Newcastle disease control: The importance of titres in the live vaccine

calendar icon 15 January 2020
clock icon 13 minute read


Newcastle disease is a major problem in the poultry industry and is caused by a virulent strain of Avian Paramyxovirus Type I (APMV-I). The Newcastle virus is divided into two classes, class I and class II, class II being the most important for the poultry industry. Class II is divided into XVIII genotypes, however Newcastle disease has just one serotype, the different genotypes being similar antigenically (Afonso, 2017).

Historically, Newcastle disease is a pandemic disease. The first outbreaks occurred in 1926, in Java, Indonesia (Kranvels, 1926) and in Newcastle-upon-Type, England (Doyle, 1927). Today we are in the 4th pandemic wave, caused by the genotype VII group. It was isolated in the mid-1980´s when it started to occur in racing pigeons and affected several bird species, becoming difficult to control due to the lack of controls in racing pigeon production.

According to the OIE (World Organization for Animal Health) terrestrial code, Newcastle disease is an infection caused by a virus of avian paramyxovirus serotype 1 (APMV-1) that meets one of the following criteria for virulence:

a) The virus has an intracerebral pathogenicity index (ICPI) in day-old chicks (Gallus Gallus) of 0.7 or greater or

b) Multiple basic amino acids have been demonstrated in the virus (either directly or by deduction) at the C-terminus of the F2 protein and phenylalanine at residue 117, which is the N-terminus of the F1 protein. The term 'multiple basic amino acids' refers to at least three arginine or lysine residues between residues 113 to 116. Failure to demonstrate the characteristic pattern of amino acid residues as described above would require characterization of the isolated virus by an ICPI test.

In this definition, amino acid residues are numbered from the N-terminus of the amino acid sequence deduced from the nucleotide sequence of the F0 gene, and 113-116 corresponds to residues -4 to -1 from the cleavage site.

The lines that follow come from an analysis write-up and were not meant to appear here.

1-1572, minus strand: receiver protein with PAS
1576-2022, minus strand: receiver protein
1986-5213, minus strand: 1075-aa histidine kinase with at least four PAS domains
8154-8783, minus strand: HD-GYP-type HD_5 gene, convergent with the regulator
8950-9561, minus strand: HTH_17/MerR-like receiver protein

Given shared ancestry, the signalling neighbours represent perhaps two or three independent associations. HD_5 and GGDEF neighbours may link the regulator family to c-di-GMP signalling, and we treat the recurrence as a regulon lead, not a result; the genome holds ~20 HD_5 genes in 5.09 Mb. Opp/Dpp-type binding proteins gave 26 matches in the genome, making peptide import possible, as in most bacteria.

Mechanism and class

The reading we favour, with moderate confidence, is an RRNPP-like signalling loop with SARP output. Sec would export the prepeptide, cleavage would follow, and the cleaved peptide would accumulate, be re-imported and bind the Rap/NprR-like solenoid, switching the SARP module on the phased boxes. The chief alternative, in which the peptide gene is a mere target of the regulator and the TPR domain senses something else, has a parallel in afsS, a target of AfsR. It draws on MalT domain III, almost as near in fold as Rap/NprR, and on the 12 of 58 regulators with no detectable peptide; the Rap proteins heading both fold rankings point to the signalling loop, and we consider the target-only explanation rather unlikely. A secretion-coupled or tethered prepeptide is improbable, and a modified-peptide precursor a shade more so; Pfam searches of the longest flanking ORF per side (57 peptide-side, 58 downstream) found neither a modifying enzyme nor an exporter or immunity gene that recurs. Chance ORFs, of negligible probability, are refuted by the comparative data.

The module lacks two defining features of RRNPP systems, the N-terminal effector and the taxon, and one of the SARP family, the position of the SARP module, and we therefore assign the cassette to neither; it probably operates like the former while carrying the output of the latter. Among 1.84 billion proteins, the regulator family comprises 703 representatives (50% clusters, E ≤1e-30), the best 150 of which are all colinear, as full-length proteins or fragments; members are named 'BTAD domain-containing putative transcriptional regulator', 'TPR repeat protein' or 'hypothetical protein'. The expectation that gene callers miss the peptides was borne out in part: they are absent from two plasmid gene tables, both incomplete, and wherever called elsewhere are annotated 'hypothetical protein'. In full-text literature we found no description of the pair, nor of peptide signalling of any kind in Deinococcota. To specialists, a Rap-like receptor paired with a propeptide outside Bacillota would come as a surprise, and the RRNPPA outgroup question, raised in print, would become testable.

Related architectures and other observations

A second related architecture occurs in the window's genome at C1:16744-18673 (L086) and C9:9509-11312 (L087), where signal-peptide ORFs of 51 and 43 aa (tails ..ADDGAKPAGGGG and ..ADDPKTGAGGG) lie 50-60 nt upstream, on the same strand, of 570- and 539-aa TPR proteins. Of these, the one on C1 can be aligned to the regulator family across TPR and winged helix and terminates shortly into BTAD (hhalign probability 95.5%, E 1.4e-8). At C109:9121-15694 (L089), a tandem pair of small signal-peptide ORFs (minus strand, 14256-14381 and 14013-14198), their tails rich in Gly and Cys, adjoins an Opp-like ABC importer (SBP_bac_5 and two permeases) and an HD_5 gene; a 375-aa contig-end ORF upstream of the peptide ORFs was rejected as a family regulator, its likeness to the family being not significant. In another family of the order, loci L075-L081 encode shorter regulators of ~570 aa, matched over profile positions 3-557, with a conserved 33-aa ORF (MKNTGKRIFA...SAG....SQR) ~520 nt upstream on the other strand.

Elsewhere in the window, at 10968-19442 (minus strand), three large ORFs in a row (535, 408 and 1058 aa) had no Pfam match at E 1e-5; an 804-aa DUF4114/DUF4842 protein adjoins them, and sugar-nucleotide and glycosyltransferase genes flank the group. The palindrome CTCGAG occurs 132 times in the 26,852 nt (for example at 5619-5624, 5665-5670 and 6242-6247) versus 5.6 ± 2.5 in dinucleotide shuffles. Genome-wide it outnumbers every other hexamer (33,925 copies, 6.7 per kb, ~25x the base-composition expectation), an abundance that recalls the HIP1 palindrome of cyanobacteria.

The strategy for control of Newcastle disease is based on Biosecurity and Vaccination. The normal vaccination programme consists of a combination of live and inactivated vaccines, the live vaccines often being a Lasota genotype II vaccine.

Why does the choice of Newcastle vaccine have to take the titre into account?

Local protection is important in order to provide early immunity due to the possibility of the chicks having early exposure to a field challenge shortly after vaccination.

The antigen component of CMI (cellular mediated immunity) is the T cell, specifically the T Helper (Th). There are two types of cells, Th1 and Th2. The Th1 is effective in directing the adaptive immune response towards a cell-mediated response. The Th2 cell develops the humoral response. The strain and titres of the live vaccine used will have two effects, one is the CMI and the second effect is the humoral response.

The live vaccines will provide local protection (cellular mediated immunity or CMI) and humoral immunity and will prime the inactivated vaccine, improving its efficacy by increasing its humoral immunity. This is the reason why the ideal vaccination programme will include live (prime and boosters) and inactivated vaccines.

Regarding live vaccines, the level of antibodies is important for control of the clinical signs of the disease, and to reduce shedding of the virus. The minimum live vaccine titre required to control the clinical signs of the disease is 10⁴ EID50(Cornax, I., Miller, P.J. and Afonso, C.L. 2012), however with the minimum titre, the reduction of virus shedding will be limited or non-existent. This is the reason why the usage of higher titres is important.